It is always disheartening to encounter loving pairs who report intermittent physical altercations with one another. These couples do love each other and have a shared positive view of their relationship. While some deal with the verbal and physical fights with equanimity, others are aware that these behaviors are not compatible with their essence and seek assistance in discontinuing their abusive conduct.
The two most common reasons for intimate partner violence are: alcohol and uncontrollable anger. By far, alcohol use is the major cause of intimate partner abuse. One’s social standing, education or proper upbringing is no protection from improper behavior during intoxication.
The National Crime Victimization Survey reports that “alcohol was present in 63% of intimate partner violence incidents.” These were the cases that came to the attention of law enforcement agents. The percentage is probably higher since many spouses do not seek help from the authorities.
Professor Peter Giancola, studied the “Alcohol Myopia Model,” which postulates that intoxication impairs the capacity of the drinker to process data logically and inhibits the individual’s behavioral controls – thus leading to abusive reactions. The violent behavior of the previous night is often cloudy at best and more commonly may be completely forgotten.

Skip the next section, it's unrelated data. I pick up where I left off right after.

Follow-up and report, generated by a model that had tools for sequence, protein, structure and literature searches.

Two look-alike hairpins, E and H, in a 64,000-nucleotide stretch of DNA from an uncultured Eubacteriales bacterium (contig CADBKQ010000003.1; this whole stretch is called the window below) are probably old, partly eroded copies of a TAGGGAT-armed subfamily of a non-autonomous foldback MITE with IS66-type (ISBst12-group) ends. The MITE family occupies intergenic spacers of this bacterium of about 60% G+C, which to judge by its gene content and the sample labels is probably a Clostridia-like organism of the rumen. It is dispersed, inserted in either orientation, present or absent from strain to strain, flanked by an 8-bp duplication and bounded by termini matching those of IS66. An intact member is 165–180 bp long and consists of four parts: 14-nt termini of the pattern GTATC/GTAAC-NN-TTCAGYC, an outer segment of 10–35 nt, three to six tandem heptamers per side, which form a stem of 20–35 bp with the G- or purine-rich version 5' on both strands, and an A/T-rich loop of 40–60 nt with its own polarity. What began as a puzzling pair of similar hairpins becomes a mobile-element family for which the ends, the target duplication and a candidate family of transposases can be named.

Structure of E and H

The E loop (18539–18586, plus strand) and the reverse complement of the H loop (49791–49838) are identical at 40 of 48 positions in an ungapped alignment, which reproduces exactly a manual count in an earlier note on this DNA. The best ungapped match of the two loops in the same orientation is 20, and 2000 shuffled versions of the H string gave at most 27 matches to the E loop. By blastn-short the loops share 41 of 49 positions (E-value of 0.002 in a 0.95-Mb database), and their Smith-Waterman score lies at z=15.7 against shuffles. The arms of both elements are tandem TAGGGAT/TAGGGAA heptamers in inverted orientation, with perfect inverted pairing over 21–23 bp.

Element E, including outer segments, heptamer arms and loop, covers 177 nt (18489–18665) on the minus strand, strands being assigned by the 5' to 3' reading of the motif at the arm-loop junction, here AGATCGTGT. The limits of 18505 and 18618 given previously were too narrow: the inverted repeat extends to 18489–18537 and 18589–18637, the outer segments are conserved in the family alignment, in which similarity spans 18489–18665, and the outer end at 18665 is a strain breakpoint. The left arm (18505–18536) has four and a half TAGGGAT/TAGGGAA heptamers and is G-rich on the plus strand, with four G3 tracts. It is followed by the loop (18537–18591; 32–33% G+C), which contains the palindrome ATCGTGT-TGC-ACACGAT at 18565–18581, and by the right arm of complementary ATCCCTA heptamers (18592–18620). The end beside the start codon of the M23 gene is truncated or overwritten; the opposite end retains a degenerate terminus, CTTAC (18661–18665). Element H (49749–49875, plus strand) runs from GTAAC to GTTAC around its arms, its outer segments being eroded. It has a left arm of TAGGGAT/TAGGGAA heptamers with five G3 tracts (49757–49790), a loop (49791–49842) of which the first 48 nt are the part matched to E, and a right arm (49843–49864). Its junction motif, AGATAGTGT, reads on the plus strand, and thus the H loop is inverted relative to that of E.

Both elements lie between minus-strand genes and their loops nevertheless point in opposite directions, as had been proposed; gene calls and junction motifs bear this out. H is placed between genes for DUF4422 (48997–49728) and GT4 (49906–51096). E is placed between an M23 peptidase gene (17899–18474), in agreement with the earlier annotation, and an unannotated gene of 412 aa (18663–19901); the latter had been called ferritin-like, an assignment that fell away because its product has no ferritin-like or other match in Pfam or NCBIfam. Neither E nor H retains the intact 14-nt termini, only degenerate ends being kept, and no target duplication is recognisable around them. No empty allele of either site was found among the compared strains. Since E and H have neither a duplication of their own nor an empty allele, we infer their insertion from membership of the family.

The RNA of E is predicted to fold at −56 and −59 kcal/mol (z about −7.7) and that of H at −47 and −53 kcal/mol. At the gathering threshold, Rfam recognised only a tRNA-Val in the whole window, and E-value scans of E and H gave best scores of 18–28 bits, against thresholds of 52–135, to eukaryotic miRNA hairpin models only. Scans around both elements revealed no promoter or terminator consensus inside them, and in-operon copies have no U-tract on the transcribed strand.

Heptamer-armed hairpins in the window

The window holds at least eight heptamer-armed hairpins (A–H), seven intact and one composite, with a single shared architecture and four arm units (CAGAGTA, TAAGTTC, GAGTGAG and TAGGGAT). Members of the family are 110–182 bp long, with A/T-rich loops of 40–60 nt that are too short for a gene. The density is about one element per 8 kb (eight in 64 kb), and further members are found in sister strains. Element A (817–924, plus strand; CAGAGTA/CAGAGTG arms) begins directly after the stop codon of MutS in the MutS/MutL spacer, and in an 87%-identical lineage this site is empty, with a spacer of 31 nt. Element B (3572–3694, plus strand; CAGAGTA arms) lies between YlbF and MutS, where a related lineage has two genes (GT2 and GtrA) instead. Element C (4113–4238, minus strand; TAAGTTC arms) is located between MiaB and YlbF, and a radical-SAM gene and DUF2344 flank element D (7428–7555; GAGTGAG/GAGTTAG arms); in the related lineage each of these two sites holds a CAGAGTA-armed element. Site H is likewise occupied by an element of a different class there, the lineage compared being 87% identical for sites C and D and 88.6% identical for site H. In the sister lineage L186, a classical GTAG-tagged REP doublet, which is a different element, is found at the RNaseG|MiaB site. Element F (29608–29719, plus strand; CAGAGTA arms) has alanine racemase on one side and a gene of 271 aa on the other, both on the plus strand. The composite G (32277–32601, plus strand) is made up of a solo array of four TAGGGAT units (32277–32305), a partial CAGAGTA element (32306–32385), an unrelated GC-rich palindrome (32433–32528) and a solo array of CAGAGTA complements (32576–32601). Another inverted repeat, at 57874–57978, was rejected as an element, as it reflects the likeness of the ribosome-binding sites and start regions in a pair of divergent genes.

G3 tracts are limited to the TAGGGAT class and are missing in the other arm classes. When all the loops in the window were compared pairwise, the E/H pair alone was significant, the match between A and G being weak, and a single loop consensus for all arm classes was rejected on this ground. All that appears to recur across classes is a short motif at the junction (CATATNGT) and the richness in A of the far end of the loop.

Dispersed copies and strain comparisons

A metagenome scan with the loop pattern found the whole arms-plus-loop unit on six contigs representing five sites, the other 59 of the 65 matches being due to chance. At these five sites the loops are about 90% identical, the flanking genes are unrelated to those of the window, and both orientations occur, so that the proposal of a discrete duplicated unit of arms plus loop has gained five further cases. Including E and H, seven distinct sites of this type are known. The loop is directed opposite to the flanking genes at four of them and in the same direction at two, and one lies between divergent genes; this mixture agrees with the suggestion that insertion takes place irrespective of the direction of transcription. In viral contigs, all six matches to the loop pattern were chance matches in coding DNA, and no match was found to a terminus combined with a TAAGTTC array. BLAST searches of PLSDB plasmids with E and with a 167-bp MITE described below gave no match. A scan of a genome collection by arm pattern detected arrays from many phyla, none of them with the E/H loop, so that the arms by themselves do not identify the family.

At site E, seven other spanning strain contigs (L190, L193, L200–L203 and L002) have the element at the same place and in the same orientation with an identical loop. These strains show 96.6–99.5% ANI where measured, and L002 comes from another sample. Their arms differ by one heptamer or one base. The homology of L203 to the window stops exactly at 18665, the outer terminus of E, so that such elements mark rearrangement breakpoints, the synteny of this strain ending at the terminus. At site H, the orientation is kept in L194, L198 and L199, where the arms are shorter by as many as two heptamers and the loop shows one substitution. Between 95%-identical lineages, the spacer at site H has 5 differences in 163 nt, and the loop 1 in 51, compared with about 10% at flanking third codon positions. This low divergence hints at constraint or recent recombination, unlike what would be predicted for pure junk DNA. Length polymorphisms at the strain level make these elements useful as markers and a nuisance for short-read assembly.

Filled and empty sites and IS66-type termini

This study in controlled laboratory conditions concluded that “The more alcohol people drink (even those without drinking problems), the more aggressive they become.” Surprisingly, this study also found that “though there is no specific [violence] threshold, there is no evidence that people are less aggressive if they drink only a little.”
Uncontrollable anger reactions are often prompted by the aggressor’s perception of being humiliated by the spouse. The felt hurt is so intolerable that the offended person responds with verbal or even physical aggression. Here again, as in alcohol-induced violence, the perpetrator has lost both the capacity to process information well and the ability to logically monitor his/her reactions.
The importance of maintaining a beloved esteem is paramount to all partners. When a disagreement or conflict of interest occurs and one or both mates feel devalued, their fear may propel anger to escalate. When the battle of words renders no reprieve – physical violence may ensue.
According to research findings by Daniel O’Leary, “Psychological aggression by the partner accounted for approximately 50% of the later physical aggression for both males and females.” Being deeply offended, shamed or disrespected may cause one’s anger to escalate to a level prompting violent retaliation.
To prevent marital violence:
- Abstain from any controversial discussions with your spouse when either of you has been drinking, even a small amount.
- Avoid using discounting statements, insults or derogatory words toward your mate, even when you feel poorly treated. Remember it is your beloved!
- When you feel disrespected, tell your spouse that the treatment you encounter is unbecoming to the fine person he/she is.
- Leave the room/home if you face psychological aggression that may precede physical abuse.
- Seek professional help after even one episode of physical altercation.